Kate Mulvany is an award-winning playwright and screenwriter. Kate has had two new plays premiere in 2019, her adaptation of Friedrich Schiller’s Mary Stuart (STC) and her original work The Mares (Tasmanian Theatre Company). In 2018 Kate's adaptation of Ruth Park’s The Harp in the South (STC) premiered to much acclaim. The play was recently nominated for a Helpmann award for Best New Australian Work and won the Sydney Theatre Award for the same category. In 2017 Kate’s play The Rasputin Affair (Ensemble Theatre) was nominated for an AWGIE award. Her adaptation of Craig Silvey’s Jasper Jones premiered at Barking Gecko followed by productions at Belvoir Street, MTC, QT and STCSA. Her autobiographical play The Seed (Belvoir St Theatre) won the Sydney Theatre Award for Best Independent Production. With Kate performing in the play, it received great critical success, toured nationally and is being developed into a feature film. Co-written by Kate and Anne-Louise Sarks Medea (Belvoir St Theatre) was produced in 2012. The play won several awards including an AWGIE and five Sydney Theatre Awards and has been produced in Poland, London and Basel. Other works include; Masquerade (based on the book by Kit Williams), The Danger Age, Blood and Bone, The Web, Somewhere (co-written with Tim Minchin for the Joan Sutherland PAC) and Storytime, which won Kate the 2004 Philip Parsons Award. Kate is also an award-winning stage and screen actor with credits with many of the major Sydney theatre companies and in many television dramas and films. For more information about Kate’s work, check out this feature.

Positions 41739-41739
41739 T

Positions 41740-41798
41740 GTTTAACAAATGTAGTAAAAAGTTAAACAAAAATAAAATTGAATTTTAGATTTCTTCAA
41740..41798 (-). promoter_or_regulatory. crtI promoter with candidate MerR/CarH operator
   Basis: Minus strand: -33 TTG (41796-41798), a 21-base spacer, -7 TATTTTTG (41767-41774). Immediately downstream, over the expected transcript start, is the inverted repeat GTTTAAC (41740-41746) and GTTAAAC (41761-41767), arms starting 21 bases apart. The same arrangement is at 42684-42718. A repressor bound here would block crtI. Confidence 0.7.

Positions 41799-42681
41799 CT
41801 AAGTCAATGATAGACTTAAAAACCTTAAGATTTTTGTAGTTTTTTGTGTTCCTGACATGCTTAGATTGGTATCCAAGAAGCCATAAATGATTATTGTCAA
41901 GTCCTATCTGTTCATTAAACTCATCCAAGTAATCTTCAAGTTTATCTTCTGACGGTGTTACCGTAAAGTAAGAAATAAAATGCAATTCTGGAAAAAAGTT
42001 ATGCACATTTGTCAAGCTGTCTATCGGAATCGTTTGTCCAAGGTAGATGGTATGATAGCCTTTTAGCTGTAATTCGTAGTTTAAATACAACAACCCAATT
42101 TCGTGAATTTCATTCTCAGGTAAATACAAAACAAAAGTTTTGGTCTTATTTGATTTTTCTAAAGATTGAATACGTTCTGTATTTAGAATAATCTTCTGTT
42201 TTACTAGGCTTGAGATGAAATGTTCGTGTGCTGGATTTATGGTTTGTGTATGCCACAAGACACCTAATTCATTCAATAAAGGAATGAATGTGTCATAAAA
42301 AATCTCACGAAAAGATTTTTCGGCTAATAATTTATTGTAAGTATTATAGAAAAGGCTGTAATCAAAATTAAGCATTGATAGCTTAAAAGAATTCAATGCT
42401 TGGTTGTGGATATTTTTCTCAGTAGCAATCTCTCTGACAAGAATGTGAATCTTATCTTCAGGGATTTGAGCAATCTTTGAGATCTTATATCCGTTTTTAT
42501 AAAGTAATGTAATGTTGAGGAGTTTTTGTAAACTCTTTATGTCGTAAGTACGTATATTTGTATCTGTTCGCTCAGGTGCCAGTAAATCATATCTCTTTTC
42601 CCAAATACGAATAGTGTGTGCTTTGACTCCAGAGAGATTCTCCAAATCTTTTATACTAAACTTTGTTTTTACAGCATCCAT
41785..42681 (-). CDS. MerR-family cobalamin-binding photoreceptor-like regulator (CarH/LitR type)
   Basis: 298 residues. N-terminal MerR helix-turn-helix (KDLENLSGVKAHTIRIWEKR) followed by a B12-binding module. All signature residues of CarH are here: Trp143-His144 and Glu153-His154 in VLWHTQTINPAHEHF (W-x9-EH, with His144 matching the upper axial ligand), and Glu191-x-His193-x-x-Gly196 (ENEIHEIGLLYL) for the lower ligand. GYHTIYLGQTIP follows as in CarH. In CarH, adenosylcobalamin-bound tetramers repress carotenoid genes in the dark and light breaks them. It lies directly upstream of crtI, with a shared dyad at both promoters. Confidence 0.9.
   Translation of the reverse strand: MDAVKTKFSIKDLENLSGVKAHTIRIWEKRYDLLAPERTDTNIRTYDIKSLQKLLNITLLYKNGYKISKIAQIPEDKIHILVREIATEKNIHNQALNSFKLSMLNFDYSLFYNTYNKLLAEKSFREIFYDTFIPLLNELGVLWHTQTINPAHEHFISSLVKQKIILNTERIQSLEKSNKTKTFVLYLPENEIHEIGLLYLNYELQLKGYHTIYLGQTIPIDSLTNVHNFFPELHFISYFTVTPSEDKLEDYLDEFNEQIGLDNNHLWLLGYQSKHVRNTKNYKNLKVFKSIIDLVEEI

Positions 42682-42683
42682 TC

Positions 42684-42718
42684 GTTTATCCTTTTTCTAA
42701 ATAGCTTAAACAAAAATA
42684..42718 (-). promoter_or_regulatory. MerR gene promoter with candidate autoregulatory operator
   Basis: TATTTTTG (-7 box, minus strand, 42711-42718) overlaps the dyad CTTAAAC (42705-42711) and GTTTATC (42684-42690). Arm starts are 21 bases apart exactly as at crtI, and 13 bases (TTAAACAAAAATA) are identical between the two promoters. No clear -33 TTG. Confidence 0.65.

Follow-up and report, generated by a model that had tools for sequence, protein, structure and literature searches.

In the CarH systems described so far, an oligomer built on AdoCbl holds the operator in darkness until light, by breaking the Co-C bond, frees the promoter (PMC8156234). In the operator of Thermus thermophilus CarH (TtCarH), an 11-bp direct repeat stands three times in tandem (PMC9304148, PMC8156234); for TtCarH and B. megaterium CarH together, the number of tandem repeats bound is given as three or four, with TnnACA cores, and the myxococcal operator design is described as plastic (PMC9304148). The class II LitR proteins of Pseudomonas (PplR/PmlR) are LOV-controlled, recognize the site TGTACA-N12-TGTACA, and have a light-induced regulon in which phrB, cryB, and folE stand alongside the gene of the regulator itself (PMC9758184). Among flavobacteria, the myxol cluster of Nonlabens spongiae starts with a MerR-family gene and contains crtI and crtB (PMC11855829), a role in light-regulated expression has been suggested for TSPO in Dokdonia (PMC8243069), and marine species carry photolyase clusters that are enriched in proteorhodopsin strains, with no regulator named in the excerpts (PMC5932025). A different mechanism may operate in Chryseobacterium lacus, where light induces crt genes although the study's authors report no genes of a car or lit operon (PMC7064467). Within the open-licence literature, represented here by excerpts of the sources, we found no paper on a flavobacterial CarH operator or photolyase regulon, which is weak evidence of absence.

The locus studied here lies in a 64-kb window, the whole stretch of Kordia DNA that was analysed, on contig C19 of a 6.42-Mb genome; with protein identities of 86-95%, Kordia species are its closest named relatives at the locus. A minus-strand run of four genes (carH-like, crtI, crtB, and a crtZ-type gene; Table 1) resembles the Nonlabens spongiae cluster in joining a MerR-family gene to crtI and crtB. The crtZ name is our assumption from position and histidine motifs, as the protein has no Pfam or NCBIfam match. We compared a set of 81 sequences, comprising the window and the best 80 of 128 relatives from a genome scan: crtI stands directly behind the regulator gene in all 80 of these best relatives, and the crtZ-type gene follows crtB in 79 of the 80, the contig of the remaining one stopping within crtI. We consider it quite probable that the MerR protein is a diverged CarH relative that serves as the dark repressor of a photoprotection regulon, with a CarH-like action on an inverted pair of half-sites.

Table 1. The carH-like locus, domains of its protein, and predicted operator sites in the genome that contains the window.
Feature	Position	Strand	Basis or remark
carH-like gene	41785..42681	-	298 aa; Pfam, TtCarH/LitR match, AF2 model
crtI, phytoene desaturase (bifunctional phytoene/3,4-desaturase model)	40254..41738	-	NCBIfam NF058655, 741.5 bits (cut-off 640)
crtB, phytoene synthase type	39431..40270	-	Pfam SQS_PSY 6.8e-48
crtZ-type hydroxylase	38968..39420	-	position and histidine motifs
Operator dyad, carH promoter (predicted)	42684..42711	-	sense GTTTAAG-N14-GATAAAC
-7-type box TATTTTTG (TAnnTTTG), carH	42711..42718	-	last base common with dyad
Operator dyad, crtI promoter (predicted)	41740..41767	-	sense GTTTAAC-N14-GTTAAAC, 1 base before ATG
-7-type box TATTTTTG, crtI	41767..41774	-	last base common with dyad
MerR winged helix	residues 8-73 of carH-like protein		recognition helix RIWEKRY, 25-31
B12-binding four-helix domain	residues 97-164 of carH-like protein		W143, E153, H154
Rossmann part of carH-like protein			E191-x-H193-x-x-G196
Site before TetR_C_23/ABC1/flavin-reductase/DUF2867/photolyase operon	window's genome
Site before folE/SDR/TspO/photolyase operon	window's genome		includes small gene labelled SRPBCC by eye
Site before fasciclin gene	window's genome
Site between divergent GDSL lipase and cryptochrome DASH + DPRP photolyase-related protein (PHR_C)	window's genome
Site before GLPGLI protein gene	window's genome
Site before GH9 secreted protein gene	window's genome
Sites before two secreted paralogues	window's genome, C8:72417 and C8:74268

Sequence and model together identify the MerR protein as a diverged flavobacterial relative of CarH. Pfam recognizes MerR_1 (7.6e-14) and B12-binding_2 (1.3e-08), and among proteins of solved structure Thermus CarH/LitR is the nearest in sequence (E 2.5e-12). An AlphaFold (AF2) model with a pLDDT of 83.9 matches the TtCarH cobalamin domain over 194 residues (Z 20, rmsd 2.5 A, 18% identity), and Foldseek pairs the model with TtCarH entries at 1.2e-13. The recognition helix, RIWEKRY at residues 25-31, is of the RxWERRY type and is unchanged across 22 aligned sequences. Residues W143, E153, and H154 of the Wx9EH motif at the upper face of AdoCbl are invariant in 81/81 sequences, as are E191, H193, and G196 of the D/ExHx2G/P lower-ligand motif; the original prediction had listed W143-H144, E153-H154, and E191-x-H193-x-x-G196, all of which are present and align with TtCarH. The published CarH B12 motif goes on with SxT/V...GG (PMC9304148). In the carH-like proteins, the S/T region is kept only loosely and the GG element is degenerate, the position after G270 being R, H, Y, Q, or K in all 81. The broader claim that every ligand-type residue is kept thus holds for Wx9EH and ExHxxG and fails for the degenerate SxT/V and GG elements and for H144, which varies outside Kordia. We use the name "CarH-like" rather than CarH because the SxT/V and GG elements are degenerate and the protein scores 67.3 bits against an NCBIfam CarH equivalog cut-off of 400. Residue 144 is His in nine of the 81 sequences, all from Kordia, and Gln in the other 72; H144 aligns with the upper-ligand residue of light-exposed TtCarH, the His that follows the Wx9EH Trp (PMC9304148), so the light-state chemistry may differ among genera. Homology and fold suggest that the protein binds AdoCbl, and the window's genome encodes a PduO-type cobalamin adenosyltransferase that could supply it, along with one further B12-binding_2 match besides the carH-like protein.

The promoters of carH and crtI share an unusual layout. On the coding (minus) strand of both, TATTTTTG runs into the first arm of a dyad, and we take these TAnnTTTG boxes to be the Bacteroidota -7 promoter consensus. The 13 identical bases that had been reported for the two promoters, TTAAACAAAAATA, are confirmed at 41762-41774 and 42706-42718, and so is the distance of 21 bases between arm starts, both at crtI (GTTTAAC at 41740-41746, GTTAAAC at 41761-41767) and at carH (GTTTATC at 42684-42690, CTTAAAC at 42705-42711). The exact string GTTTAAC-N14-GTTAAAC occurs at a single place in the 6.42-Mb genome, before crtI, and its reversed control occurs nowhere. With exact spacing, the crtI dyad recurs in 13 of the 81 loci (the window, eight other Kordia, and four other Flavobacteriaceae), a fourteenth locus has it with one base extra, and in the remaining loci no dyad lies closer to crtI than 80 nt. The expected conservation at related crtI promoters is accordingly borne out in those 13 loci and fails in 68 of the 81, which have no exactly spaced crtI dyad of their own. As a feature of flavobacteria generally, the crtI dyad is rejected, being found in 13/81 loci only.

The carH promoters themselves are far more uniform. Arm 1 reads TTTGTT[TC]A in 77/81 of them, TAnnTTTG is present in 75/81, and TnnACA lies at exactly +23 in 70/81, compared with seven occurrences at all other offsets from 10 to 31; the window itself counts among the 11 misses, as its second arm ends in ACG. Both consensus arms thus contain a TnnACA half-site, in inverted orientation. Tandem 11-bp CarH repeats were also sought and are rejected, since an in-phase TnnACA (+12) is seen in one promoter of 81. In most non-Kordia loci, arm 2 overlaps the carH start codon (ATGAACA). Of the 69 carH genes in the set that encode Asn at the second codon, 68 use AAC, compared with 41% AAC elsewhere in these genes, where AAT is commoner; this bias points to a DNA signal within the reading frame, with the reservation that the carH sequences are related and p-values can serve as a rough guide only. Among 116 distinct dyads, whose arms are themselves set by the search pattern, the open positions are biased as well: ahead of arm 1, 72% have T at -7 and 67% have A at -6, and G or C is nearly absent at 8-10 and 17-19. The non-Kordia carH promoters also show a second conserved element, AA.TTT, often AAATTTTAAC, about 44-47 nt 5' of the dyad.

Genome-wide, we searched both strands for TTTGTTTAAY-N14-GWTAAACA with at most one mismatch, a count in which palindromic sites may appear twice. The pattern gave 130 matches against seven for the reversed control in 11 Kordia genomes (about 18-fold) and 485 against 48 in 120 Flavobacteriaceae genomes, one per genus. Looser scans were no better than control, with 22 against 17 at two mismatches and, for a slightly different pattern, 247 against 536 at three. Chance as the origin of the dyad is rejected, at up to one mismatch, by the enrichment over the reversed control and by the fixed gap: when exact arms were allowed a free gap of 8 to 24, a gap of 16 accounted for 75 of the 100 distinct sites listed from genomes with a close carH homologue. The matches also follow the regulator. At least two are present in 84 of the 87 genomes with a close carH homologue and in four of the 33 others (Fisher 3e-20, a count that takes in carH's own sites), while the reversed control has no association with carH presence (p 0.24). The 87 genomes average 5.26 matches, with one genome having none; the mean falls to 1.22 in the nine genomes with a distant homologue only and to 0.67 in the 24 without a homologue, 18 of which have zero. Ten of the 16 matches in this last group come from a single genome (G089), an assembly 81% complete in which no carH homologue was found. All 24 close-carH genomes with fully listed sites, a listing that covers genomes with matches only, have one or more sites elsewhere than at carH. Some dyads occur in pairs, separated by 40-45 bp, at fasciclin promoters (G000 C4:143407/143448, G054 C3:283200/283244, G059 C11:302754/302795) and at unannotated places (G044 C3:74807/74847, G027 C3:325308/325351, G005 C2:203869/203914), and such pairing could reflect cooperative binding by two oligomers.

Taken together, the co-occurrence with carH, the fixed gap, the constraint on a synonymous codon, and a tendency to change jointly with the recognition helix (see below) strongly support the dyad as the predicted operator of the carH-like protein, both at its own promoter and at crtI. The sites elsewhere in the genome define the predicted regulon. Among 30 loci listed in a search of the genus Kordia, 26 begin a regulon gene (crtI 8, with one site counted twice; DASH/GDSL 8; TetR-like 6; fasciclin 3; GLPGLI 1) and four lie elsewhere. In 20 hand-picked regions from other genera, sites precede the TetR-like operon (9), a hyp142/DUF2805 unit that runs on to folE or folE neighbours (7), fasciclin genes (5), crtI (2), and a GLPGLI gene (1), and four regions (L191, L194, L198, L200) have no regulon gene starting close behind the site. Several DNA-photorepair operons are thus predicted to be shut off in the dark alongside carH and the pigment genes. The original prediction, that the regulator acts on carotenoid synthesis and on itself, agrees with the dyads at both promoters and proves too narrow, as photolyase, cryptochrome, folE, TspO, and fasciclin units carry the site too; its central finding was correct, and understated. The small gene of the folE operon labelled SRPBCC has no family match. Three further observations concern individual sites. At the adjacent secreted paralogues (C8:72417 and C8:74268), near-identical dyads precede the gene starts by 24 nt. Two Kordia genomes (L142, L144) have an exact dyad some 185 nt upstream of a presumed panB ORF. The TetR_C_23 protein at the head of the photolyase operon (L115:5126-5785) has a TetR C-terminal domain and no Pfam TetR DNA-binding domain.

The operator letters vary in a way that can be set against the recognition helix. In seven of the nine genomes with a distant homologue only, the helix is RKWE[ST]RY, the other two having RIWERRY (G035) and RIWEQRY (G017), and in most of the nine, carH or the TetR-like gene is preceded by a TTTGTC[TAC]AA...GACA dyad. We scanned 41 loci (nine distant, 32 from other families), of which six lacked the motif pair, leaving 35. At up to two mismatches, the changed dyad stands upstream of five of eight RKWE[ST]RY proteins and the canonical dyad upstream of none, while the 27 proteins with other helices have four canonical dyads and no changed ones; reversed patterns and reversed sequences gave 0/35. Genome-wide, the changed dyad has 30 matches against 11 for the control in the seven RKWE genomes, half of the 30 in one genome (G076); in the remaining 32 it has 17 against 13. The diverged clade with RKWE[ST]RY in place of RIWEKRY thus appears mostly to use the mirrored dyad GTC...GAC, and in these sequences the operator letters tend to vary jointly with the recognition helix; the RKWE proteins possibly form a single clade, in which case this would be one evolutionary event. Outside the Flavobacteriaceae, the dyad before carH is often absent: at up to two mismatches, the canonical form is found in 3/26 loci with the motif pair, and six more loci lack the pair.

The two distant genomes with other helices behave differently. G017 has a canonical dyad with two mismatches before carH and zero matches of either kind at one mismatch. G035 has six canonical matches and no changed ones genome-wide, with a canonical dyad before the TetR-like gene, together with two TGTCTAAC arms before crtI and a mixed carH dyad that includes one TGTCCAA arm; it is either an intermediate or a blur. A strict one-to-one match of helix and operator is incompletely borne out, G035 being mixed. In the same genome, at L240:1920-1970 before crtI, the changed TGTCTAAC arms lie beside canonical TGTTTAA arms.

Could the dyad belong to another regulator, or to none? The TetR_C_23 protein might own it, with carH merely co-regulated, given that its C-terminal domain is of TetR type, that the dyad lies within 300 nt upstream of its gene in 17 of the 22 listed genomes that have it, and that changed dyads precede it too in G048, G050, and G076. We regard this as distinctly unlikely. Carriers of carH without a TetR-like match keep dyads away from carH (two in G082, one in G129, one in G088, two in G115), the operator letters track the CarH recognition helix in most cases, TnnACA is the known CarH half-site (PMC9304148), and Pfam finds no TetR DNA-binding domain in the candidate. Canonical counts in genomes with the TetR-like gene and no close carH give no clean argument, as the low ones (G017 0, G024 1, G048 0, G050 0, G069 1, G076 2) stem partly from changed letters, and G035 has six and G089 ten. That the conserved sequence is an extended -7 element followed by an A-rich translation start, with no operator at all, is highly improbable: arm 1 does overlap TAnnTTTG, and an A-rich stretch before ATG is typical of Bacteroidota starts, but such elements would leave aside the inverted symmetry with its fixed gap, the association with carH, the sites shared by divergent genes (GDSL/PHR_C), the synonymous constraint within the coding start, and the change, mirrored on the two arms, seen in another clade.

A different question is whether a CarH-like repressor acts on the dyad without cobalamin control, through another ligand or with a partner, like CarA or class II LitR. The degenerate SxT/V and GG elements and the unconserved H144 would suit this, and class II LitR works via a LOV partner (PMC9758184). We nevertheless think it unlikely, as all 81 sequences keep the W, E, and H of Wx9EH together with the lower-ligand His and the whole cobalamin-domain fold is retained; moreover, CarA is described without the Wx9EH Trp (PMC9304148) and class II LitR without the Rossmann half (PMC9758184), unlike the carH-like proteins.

Lila Neugebauer’s 2018 production of The Waverly Gallery marked her Broadway debut. Her recent Off Broadway credits include Edward Albee’s At Home at the Zoo, Annie Baker’s The Antipodes, Branden Jacobs-Jenkins’ Everybody, Edward Albee’s The Sandbox, María Irene Fornes’s Drowning, Adrienne Kennedy’s Funnyhouse of a Negro, and A.R. Gurney’s The Wayside Motor Inn at Signature Theatre; Sarah DeLappe’s The Wolves at Lincoln Center and Playwrights Realm; Zoe Kazan’s After the Blast andAbe Koogler’s Kill Floor at LCT3; Tracy Letts’s Mary Page Marlowe at Second Stage Theater; Peace for Mary Frances with The New Group; and Carson McCullers’s The Member of the Wedding at the Williamstown Theatre Festival. She is a co-Artistic Director of the ensemble The Mad Ones, with whom she has written and directed: Samuel & Alasdair: A Personal History of the Robot War, The Essential Straight and Narrow, and Miles for Mary (which also played at Playwrights Horizons). She is the recipient of the Obie Award, Drama Desk Award, and Princess Grace Award winner.